When visitors arrive at the headquarters of the World Bank Group in Washington, DC, they are met by a large stone wall inscribed with the following: “Our dream is a world free of poverty”. For many decades, the ambition to eliminate extreme poverty has driven the agenda of the international development sector. It underpinned the Millennium Development Goals (MDGs) - a set of global targets and actions designed to help the world’s poorest - and has been the focus of numerous international campaigns, funding initiatives and development programmes.
By many measures, these efforts have been very successful. In 2013, just under 11 per cent of the world’s population was estimated to be living in extreme poverty - down from around 35 per cent in 1990. It is possible to imagine a future where this number could drop further, to become almost negligible. As we learn more about how to reduce poverty, attention is therefore shifting to the next frontier in global development - tackling entrenched inequalities. These statistics are currently going in the opposite direction, with income inequality thought to have risen by around 11 per cent in developing countries between 1990 and 2010.
The new set of global Sustainable Development Goals (SDGs) which succeeded the MDGs in 2015 have embraced the idea of reducing inequality (and importantly, have made it a target for every country). Innovation is also hard-wired into the SDGs. It is mentioned explicitly in goal nine, which focuses on technological innovation, infrastructure and industrial development, but infuses the rest of them as well, given that achieving all 17 goals will require transformational change at many levels.
All of this is music to our ears as an innovation foundation interested in global development. However, seeing innovation as a route to achieving the reduction of inequality isn’t as straightforward as it may at first seem.
New technologies can play an important role in reducing poverty and improving life chances and outcomes. There are numerous examples of this, from insecticide-treated bednets that can prevent the spread of malaria, to mobile applications that widen access to banking and healthcare information, to solar-powered water pumps that are increasing the supply of clean water in remote communities.
It’s also clear that the process of innovation is becoming more inclusive, with a whole range of new techniques emerging that aim to get a much wider range of people involved, such as open innovation, user innovation, and social innovation. Some forms of innovation have an explicit focus on creating more inclusive outcomes, as well as processes: we’re studying the role of frugal innovation in opening up access to goods and services to many more people.
But innovation can exacerbate inequality too. The concept of ‘skill-biased technological change’, where new technologies create jobs for the highest-skilled people while others get left behind, has received considerable attention. Places with high levels of innovation are often more unequal - take San Francisco for example - and the presence of innovative companies in a city or region can create a cycle where these places become more and more successful while others drop further and further behind.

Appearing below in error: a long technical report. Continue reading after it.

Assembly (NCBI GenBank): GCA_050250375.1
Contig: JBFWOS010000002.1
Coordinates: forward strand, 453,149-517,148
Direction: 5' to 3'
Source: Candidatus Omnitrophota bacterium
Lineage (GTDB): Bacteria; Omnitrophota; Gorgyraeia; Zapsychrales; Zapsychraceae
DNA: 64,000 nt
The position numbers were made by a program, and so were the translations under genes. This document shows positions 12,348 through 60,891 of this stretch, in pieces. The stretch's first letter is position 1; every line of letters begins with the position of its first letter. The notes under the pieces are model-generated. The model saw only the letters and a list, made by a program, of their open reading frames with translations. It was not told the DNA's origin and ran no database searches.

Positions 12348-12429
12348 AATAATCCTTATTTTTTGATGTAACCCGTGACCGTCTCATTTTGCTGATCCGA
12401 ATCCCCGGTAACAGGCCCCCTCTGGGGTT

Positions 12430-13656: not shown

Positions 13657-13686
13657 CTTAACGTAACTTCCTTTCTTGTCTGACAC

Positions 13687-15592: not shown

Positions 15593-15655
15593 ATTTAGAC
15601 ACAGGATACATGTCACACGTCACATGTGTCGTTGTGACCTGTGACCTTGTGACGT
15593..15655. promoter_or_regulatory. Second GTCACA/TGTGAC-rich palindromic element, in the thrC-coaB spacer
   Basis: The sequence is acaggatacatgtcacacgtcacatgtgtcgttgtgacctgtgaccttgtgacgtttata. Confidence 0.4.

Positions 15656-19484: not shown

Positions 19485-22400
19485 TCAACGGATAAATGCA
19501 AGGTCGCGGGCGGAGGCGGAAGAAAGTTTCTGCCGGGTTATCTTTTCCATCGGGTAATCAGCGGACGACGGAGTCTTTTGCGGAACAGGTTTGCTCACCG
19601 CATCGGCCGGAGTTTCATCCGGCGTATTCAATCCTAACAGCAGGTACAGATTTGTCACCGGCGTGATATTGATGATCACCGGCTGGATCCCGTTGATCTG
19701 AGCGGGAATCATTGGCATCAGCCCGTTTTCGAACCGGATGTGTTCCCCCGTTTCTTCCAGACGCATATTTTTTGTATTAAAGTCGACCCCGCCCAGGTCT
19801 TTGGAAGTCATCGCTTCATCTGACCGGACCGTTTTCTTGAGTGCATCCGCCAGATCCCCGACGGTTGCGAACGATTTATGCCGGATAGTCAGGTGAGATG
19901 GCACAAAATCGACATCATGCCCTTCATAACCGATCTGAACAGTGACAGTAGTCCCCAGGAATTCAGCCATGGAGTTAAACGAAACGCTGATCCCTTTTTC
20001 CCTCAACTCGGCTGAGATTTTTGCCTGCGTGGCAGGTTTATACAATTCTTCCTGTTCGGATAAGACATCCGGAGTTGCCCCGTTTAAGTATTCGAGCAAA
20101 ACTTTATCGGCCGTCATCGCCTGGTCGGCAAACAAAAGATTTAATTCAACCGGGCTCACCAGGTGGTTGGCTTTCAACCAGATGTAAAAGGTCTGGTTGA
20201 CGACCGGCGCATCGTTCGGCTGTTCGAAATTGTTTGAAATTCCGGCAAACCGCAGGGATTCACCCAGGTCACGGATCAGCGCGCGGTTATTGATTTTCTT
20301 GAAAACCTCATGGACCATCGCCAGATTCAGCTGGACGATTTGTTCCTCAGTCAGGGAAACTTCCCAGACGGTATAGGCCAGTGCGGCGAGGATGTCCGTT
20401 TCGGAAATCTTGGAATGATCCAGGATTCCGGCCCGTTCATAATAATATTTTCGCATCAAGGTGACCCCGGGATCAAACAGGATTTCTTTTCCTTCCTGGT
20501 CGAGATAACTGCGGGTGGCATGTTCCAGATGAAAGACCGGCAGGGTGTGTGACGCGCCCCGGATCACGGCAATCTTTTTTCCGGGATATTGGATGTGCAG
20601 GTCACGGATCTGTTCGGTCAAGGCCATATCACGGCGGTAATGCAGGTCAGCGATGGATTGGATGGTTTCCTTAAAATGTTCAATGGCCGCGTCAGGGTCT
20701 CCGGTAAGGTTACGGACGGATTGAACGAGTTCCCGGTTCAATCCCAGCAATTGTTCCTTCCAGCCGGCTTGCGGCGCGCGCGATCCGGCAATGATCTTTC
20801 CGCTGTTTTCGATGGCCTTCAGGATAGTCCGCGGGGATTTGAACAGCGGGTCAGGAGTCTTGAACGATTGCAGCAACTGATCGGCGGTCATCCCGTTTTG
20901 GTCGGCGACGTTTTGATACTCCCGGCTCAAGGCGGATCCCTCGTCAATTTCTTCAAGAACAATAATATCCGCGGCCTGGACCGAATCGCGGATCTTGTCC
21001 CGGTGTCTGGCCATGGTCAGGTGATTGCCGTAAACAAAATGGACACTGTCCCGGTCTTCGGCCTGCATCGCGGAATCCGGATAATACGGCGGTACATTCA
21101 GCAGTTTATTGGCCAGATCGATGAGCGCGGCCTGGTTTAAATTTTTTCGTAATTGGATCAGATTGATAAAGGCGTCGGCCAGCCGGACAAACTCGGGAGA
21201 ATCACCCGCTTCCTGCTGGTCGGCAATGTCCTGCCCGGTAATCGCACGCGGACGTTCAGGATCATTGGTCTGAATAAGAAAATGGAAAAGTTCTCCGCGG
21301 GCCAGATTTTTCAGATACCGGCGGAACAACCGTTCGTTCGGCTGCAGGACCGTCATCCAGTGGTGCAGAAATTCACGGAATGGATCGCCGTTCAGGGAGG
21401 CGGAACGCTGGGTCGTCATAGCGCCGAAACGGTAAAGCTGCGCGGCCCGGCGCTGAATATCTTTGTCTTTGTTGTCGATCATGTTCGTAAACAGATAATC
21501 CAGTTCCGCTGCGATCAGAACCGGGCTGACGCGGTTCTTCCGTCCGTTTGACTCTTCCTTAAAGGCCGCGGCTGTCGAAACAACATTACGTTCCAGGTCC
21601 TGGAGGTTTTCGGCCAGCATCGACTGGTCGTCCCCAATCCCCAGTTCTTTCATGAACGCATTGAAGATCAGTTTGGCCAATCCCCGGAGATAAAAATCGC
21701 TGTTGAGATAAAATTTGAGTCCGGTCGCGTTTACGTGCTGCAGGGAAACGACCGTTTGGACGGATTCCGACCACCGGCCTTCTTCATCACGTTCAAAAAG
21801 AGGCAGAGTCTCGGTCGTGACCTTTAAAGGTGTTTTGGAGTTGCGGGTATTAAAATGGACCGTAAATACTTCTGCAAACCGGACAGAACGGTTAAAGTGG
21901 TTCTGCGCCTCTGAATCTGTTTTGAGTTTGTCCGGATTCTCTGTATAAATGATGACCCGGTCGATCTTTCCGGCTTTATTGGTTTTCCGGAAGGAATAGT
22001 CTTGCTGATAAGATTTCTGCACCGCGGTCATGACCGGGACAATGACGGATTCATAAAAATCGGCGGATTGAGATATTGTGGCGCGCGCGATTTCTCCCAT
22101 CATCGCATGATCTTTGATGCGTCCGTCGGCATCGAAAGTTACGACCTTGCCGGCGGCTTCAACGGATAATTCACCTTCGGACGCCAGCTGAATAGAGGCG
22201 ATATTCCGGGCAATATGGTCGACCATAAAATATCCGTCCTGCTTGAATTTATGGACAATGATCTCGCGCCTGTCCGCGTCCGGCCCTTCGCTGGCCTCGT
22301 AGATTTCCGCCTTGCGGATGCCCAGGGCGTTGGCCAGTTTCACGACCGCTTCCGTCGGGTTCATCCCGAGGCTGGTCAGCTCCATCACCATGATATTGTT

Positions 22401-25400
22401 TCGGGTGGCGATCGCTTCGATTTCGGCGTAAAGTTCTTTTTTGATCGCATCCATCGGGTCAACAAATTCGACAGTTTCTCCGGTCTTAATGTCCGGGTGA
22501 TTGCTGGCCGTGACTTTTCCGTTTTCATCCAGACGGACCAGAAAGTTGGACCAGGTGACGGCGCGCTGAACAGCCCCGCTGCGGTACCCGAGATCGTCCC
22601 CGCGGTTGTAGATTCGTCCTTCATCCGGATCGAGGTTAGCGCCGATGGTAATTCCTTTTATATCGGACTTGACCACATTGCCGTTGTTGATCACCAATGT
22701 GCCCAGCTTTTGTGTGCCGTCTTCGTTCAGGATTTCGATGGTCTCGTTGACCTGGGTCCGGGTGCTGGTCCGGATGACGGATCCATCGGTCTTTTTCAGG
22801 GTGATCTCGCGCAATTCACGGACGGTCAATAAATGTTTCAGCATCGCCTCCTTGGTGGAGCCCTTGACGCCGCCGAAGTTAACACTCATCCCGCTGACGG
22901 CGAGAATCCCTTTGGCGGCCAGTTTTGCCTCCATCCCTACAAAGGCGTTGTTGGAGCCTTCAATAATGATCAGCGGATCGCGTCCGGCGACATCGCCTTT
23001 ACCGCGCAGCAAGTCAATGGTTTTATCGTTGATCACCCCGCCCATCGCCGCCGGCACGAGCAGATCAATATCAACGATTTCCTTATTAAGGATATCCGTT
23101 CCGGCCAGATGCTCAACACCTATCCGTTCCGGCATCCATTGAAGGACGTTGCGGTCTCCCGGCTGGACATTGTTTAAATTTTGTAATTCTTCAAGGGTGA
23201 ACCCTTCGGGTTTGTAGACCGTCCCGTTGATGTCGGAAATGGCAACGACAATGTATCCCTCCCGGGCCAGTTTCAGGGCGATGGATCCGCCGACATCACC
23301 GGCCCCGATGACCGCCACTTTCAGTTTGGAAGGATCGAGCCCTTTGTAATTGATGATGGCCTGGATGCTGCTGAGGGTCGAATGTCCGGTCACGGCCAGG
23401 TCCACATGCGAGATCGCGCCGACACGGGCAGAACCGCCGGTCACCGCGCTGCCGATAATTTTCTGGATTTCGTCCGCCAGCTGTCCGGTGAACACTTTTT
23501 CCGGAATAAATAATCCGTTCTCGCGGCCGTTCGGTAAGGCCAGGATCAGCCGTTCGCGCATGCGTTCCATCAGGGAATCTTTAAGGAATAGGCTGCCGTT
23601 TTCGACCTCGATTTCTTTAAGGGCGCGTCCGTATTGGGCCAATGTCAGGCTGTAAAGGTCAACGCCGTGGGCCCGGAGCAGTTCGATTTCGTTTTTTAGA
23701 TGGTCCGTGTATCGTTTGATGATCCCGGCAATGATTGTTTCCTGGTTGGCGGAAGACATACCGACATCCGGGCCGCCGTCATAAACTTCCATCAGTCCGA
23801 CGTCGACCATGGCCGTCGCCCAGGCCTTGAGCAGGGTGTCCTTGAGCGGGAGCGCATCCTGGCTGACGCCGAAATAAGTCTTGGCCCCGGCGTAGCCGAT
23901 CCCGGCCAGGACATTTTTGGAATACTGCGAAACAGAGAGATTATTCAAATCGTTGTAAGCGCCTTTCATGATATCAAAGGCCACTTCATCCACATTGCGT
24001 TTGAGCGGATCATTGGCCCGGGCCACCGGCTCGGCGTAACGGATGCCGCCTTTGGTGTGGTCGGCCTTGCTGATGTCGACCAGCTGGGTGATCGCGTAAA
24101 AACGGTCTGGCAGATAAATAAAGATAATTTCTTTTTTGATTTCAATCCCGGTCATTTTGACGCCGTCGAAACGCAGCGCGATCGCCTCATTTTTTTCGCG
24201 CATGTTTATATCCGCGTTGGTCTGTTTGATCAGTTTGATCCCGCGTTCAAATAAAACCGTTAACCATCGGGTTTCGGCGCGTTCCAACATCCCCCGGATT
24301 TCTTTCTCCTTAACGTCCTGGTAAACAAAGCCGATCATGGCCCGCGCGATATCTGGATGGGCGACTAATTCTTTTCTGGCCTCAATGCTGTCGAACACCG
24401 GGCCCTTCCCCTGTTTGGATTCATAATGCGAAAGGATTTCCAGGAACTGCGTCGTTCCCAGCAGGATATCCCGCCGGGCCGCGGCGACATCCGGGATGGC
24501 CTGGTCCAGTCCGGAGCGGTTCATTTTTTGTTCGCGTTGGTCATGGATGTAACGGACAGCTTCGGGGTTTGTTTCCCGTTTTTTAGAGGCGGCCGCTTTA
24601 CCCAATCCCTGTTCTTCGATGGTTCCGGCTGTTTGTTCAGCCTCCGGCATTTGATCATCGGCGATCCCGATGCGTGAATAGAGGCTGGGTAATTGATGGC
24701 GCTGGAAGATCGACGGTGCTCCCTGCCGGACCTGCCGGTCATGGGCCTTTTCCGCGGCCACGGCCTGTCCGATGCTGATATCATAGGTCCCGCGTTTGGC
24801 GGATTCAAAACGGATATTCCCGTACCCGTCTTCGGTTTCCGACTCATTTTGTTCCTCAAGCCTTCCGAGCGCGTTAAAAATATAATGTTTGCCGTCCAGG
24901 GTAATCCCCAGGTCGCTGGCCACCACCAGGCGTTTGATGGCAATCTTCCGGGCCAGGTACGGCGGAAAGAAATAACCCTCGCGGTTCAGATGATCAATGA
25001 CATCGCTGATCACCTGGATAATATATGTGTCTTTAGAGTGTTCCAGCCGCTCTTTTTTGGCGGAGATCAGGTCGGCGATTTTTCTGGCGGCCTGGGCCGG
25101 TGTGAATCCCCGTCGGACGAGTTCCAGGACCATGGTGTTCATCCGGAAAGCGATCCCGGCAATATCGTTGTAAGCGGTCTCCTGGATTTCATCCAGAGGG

While technological innovation has driven impressive growth in several low and middle-income countries over recent years, the effects of this on poverty reduction and inequality have varied considerably. In China, for example, absolute poverty has dropped but inequality has been on the rise until very recently, while in India, poverty levels have shifted little even as the country has transitioned from low-income to middle-income status And of course, at a global level, technologies don’t spread across the world equally - creating gulfs, for example in life expectancy, between rich and poor countries.
So rather than just assuming innovation will reduce inequality, the global development sector - and others - need to consciously explore the extent to which it is inclusive in process and outcome, how to boost its role in promoting greater equality and how to minimise or mitigate any negative effects. These are issues we plan to look at in more depth at Nesta in the coming year.
We are also particularly interested in spotting and working with new players developing innovations that might contribute to reducing inequality, even if they do not formally identify as being part of the development sector. We have described them elsewhere as ‘development mutants’ - startups, social enterprises and citizen-organised collectives (often originating in the global South) who are coming up with new ways of doing development and bringing different voices into the process as they do so.
Our specific ambition over the next six months is to get a lot clearer on who these ‘mutants’ are, and to learn more about both the innovative potential of their approaches as well as some of the challenges they might face, for example, linked to accountability, representivity or getting the right balance between generating social impact and economic profit. We also want to explore how to build useful relationships between these and more ‘traditional’ development agencies. So if you know - or you are! - organisations or individuals who fit this description, please do leave a comment below or get in touch at [email protected] / [email protected]
Image credit: Global Festival of Ideas for Sustainable Development/ Flickr